I have less of a problem with Smith & Merritt, but my recent foray into the world of the get-rich-quick scammers has made me hypersensitive, I suppose. Like Burley’s 7 Levels and Kiyosaki’s Cash Flow Quadrant, S&M have a catchy little slogan that they undoubtedly hope will be the “hook” that catapults them to fame, fortune, and guest spots on Oprah: “Spend Your Way to Wealth.” If that isn’t enough of a red flag, a visit to their web page isn’t helpful. They don’t seem to have any “products” for sale—except a “Free Report and Consultation,” which has to be some sort of loss-leader designed to get you to buy the “real” (and no doubt “real expensive”) stuff, whatever that is. It’s all pretty vague.
The stuff they say on their blog seems pretty harmless and vanilla (“Stay out of debt” and “live within your means” are common refrains—clearly different and less catchy messages than “Spend your way to wealth,” though, huh?), but some of what they say is a little odd, some shows a disturbing lack of economic understanding, some suffers from extreme oversimplification, and some of it just plain wrong.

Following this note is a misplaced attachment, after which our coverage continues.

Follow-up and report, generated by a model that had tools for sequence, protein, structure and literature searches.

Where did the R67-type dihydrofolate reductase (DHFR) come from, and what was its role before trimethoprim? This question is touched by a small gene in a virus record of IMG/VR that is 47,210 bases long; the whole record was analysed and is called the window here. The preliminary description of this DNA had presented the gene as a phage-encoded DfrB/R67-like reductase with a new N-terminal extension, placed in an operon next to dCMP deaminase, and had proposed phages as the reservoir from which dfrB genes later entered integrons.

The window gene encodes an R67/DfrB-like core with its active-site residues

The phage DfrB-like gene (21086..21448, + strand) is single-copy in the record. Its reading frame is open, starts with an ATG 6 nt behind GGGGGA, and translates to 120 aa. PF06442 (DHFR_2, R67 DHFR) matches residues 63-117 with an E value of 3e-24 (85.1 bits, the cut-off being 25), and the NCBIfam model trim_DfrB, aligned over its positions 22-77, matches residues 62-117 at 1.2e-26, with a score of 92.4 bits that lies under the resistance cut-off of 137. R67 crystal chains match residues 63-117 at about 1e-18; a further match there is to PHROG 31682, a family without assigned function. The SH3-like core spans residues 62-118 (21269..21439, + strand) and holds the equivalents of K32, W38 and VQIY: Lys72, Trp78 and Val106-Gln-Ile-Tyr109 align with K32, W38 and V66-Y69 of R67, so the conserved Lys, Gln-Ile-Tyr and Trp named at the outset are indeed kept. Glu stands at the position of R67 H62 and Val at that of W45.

In this post they decry the “rampant poverty” throughout the world. I’m not going to disagree that there are people today who live in appalling conditions. On the other hand, when you compare the living standards of today’s poorest Americans and Europeans with those of people from just 50 years ago, you can’t help but feel that there really is no such thing as poverty in the West any more. But the US is where S&M are focusing their efforts. And their “solution” to world poverty? “Live Abundantly!” Seriously. I wonder how well that advice would go over in Darfur.